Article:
1. Skip to main content
  2. Skip to side content

British Association for Counselling & Psychotherapy

Members Content

Please sign-in with your 6 digit user ID and password to access the Members content.

Forgot your password?

If you do not have a 6 digit user ID then please register to continue.


Welcome to CYP PRN

(Children and Young People Practice Research Network; formerly SCoPReNet)

CYP PRN's mission is to promote psychological health and emotional wellbeing among children and young people in the UK. In supporting high quality and rigorous research the network seeks to improve the quality and effectiveness of school and community-based counselling for the benefit of service users and to widen access to such services by influencing policy makers and those responsible for the commissioning of services.

CYP PRN aims to bring together practitioners, researchers and trainers to engage in research and evaluation in order to develop the evidence base for school and community based counselling services for children and young people. This in turn provides opportunities to improve the effectiveness and acceptability of counselling interventions and to impact on policy decisions. 


The Children & Young People Practice Research Network (CYP PRN) aims to:


Why Practice Research Networks (PRNs)?

A robust evidence base is derived from detailed studies of the effects of an intervention. The types of research investigating the effects of therapy are often divided into two categories: efficacy research which studies therapy under strictly controlled experimental conditions, comparing the difference between control and intervention groups, and effectiveness research which investigates therapy in routine settings using pre- and post- measures, but without a control group. Efficacy research is often referred to as Evidence based Practice (EBP) and effectiveness research as Practice based Evidence (PBE), the similarity of the two phrases denoting a complementary relationship. EBP tends to ask; does it work? whereas PBE asks: does it work in the real world of routine practice? Both of these are important and related questions.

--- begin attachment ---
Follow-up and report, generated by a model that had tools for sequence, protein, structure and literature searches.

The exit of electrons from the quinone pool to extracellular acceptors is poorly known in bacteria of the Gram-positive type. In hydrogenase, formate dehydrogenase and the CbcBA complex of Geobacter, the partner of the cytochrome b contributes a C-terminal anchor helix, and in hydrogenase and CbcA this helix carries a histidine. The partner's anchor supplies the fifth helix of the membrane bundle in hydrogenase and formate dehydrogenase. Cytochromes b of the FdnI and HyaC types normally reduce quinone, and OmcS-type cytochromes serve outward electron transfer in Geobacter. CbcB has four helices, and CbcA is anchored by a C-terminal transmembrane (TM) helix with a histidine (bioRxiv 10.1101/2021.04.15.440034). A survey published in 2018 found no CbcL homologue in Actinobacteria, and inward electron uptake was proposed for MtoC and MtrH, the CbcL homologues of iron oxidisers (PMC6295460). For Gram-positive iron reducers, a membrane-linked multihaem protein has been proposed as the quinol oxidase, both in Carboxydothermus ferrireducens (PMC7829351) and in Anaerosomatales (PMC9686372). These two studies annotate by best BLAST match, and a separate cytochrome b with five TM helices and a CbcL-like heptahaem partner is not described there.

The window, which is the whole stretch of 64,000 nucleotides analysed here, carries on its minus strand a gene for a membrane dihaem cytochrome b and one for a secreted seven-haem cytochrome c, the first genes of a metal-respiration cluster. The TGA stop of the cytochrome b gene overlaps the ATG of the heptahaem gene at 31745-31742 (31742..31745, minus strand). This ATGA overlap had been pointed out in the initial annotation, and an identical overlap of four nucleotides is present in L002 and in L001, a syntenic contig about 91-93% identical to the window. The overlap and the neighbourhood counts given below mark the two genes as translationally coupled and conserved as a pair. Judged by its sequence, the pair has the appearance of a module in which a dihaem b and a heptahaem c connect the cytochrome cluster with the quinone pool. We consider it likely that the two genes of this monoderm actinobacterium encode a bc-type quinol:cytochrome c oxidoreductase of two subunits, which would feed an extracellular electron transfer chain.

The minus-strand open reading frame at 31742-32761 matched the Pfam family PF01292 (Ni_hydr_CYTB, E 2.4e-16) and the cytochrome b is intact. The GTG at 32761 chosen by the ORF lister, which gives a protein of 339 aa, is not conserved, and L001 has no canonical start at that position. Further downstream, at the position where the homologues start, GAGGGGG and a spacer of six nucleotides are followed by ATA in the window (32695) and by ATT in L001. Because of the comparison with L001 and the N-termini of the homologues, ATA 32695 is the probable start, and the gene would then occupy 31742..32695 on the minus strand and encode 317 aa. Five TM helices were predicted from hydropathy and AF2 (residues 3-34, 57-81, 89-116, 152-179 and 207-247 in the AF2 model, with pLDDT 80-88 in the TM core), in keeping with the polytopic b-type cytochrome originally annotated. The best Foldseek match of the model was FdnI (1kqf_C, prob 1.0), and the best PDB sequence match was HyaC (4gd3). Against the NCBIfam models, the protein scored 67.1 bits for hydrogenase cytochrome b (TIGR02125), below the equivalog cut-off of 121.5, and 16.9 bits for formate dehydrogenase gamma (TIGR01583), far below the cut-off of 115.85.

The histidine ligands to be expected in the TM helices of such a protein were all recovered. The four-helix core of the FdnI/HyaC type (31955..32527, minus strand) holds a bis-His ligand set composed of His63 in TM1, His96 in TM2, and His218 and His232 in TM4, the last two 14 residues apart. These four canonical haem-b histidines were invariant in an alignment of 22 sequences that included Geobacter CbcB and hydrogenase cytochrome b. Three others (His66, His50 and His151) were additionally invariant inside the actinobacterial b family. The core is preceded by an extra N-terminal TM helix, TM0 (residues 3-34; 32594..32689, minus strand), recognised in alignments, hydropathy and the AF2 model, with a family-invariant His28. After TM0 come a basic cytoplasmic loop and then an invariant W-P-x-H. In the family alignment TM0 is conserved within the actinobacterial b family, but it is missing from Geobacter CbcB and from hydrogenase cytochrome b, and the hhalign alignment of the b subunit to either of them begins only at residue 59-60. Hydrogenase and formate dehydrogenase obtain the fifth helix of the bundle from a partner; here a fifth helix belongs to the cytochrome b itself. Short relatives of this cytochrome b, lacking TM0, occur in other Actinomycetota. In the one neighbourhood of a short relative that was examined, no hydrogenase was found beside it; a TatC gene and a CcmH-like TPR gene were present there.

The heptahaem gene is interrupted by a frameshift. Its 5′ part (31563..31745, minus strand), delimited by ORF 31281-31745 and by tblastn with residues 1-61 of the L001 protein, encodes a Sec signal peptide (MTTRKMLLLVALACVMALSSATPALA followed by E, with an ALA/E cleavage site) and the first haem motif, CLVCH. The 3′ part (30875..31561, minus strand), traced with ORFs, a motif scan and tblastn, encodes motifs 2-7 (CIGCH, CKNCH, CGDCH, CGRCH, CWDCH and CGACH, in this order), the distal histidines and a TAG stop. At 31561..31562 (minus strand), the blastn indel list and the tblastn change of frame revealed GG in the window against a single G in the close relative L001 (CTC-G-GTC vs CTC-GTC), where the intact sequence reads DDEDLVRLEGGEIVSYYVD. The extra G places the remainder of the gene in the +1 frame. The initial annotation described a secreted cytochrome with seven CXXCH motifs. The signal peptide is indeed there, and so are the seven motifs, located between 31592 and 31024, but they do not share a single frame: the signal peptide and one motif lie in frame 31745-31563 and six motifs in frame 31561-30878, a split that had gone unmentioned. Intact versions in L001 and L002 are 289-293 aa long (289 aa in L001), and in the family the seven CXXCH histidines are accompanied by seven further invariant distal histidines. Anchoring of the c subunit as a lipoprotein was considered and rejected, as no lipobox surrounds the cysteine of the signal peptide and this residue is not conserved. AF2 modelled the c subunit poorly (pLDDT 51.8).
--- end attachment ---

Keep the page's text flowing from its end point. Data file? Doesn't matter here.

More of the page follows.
The fact that an intervention is effective under tightly controlled experimental conditions does not necessarily mean that it will work in routine practice, raising questions of generalisability. In routine practice the clinician is faced with multiple factors: the complex needs and comorbid illnesses of patients, the heterogeneity of clinicians in terms of skills, training and experience. These factors tend to be ruled out in experimental designs and so their effects remain untested. It follows, therefore, that the findings from efficacy research need to be tested in the real world of routine practice before an intervention can be confidently deemed effective.

PRNs provide a mechanism to study clients, interventions and outcomes in typical clinical settings. Defined as a 'group of practicing clinicians that cooperates to collect data and conduct research studies'1, because network members are both practitioners and researchers the PRN helps to promote the dissemination and transfer of research findings into practice. It also addresses the issue of generalisability. Although it can be a demanding task to set up a PRN, once established research can be undertaken in a timely and cost effective manner. 

Members of the PRN collect client data and outcome data using agreed measures and protocols facilitating the robust analysis of outcomes from large numbers of clients from multiple settings. Sample sizes much larger than those feasible in experimental studies can be achieved leading to reliable results. Because of the richness of data available from routine practice and the pooling of research skills across the network, a wide variety of study types can be conducted within the PRN, including case studies, qualitative inquiry and longitudinal outcome studies.

1 McIntyre, J. S., Zarin, D.A., & Pincus, H.A. (1999) Practice guidelines in psychiatry and a psychiatric practice research network. In S. Weissman, M. Sabshin & H. Eist (Eds.), Psychiatry in the new millennium. Washington, DC: American Psychiatric Press, Inc.

Contact us

BACP House
15 St. John's Business Park
LE17 4HB

t: 01455 883318
e: research@bacp.co.uk